Exhibits database

In our database you will find all the exhibits currently on display in the exhibition. As preparation for your visit to Technorama, you can sort them by sectors and themes or simply browse through them.

Schliessen
Floor 1 | Mirrors in Mind

Experimental Stations 1 to 6

On a hexagonal table is a circus of hands-on activities, all to do with reflections in every-day life. E1: What’s in a surface? An object on a glass mirror actually ‘floats’ 1-2mm above its reflection. On a polished steel surface, it sits without floating, but the metal is easily scratched. The bronze plate is rather soft: the earliest Chinese and Greek mirrors were thin polished discs made of bronze. E2: Reflections off curved surfaces: Examine the ways the bright letter ‘F’ is reflected off curved glass when the reflecting surface is hemispheric, cylindrical, concave and convex. E3: Everyday curved mirrors: The car wing-mirror always shows an undistorted image, but its distance can be very deceptive. A shaving mirror shows up every facial blemish – just what you need but rarely want to see first thing in the morning! Look at yourself in the bowl of a spoon. What happens to your reflection on its convex back? Use the half cylinder and point-light to create a caustic curve: have you ever seen this in a teacup? E4: Polarisation: Polaroid sunglasses block horizontally-vibrating light. Two Poraloids, crossed, let through almost no light. Check the glare off glass and metal: from which is reflected light polarised? E5: Interference: The butterfly’s wing has a surface structure as fine as a diffraction grating. Depending on the angle of illumination, it is jewel bright (light reinforcing light – constructive interference) or dull aquamarine (light cancelling light – destructive interference). Interference patterns on banknotes and credit cards are so hard to reproduce it makes money and cards very hard to counterfeit. E6: Unwanted reflections: To prevent stray reflections off art-gallery masterpieces, anti-reflection glass can be used. One problem: shininess is lost too. By etching a reflective surface systematically, dull and shiny areas can be combined to decorative effect – think gift wrapping!

Floor 1 | Mirrors in Mind

Experimental Stations 1 to 6

On a hexagonal table is a circus of hands-on activities, all to do with reflections in every-day life. E1: What’s in a surface? An object on a glass mirror actually ‘floats’ 1-2mm above its reflection. On a ...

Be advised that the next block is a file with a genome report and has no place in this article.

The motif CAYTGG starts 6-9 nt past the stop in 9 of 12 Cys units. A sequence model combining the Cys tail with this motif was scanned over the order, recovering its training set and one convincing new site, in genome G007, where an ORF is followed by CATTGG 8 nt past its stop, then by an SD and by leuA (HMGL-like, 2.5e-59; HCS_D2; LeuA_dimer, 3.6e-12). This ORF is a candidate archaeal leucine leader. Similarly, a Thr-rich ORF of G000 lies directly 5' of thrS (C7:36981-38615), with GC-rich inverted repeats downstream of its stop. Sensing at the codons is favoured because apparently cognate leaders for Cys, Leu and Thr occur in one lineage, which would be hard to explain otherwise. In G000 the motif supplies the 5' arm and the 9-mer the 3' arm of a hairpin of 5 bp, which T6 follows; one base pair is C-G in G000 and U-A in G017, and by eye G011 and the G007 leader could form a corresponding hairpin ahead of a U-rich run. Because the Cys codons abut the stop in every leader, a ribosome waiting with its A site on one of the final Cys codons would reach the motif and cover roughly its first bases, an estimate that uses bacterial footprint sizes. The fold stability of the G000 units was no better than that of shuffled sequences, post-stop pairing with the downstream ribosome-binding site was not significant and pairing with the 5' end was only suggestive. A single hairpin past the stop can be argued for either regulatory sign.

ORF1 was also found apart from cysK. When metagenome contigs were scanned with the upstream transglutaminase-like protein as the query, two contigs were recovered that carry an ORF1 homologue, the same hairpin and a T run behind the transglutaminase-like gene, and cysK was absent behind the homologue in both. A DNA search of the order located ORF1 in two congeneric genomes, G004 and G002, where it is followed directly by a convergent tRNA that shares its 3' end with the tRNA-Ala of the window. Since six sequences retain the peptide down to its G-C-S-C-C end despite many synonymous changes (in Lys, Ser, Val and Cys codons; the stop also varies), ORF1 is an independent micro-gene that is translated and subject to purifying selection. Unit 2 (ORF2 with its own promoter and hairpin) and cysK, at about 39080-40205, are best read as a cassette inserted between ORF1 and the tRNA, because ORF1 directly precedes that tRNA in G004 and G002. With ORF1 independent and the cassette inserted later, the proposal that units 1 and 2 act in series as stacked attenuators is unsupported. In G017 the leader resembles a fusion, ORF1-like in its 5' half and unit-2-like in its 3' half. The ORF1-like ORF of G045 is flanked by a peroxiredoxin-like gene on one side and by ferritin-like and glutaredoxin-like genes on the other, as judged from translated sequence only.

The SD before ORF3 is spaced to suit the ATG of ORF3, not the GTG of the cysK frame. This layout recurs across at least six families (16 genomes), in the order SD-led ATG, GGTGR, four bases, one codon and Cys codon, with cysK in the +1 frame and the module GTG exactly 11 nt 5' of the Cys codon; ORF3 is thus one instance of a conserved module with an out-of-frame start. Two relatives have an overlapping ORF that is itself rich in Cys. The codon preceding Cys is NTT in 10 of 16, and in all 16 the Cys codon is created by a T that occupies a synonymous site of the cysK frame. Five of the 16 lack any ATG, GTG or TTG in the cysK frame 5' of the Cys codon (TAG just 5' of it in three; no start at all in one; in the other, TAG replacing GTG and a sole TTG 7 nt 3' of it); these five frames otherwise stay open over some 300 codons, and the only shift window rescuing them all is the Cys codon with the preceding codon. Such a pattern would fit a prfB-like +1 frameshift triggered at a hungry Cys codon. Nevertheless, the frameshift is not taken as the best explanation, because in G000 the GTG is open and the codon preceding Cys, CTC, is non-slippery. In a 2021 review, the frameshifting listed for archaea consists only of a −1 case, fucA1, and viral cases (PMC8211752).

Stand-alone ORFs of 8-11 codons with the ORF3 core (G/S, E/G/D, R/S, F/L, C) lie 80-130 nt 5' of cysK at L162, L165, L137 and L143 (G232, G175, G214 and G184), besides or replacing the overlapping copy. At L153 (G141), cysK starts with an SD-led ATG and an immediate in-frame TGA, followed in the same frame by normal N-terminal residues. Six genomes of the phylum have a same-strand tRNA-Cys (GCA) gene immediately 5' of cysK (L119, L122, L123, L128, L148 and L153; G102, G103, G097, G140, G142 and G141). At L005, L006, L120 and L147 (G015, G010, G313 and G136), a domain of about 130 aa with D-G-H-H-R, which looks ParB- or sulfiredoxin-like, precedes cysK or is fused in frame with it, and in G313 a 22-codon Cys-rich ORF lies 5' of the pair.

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Schliessen
Floor 1 | Mirrors in Mind

Kaleidoscope Experiments 1 to 6

Oversized toy or mathematical puzzle? Six kaleidoscope exhibits invite experiment, and reward with crystalline 3-D images. Each is equipped with a collection of translucent plastic shapes and sticks, to reveal the geometry around 1/3, 1/4 and 1/5 of 360°. There is a very pleasing perfection in symmetry! K1: 3 mirrors set at 120° from each other Use a stick to show 3 reflections at the point two mirrors touch: a neat 120° ‘Y’. Now make a cube, and a tetrahedron. K2: 3 mirrors at 90° Look into the kaleidoscope from any direction and you’ll find yourself at its apex! Use a stick to show 4 reflections at the point two mirrors touch: a right-angled ‘X’. And make an octahedron. This kaleidoscope is the familiar cat’s eye in the road: it reflects back into a driver’s eyes from whichever angle it’s viewed. K3: 3 mirrors at 72° A stick shows 5 reflections about the point two mirrors touch: a David’s star. Now make a regular pentagon; and a Platonic icosahedron. K4: 4 mirrors at 120° Construct a tetrahedron with a stick; a cube with a square shape. K5: two mirrors each at 120° and 90° Here is a game of parallelograms – a rhombic dodecahedron, to be precise, made of 12 diamond-shaped faces. A stick will show a cube and an octahedron. K6: two mirrors each of 120° and 72° With 5-fold symmetry at 72º and 3-fold symmetry at 120º you can make an icosahedron of triangles, or a dodecahedron of pentagons.

Floor 1 | Mirrors in Mind

Kaleidoscope Experiments 1 to 6

Oversized toy or mathematical puzzle? Six kaleidoscope exhibits invite experiment, and reward with crystalline 3-D images. Each is equipped with a collection of translucent plastic shapes and sticks, to reveal the ...

Learn more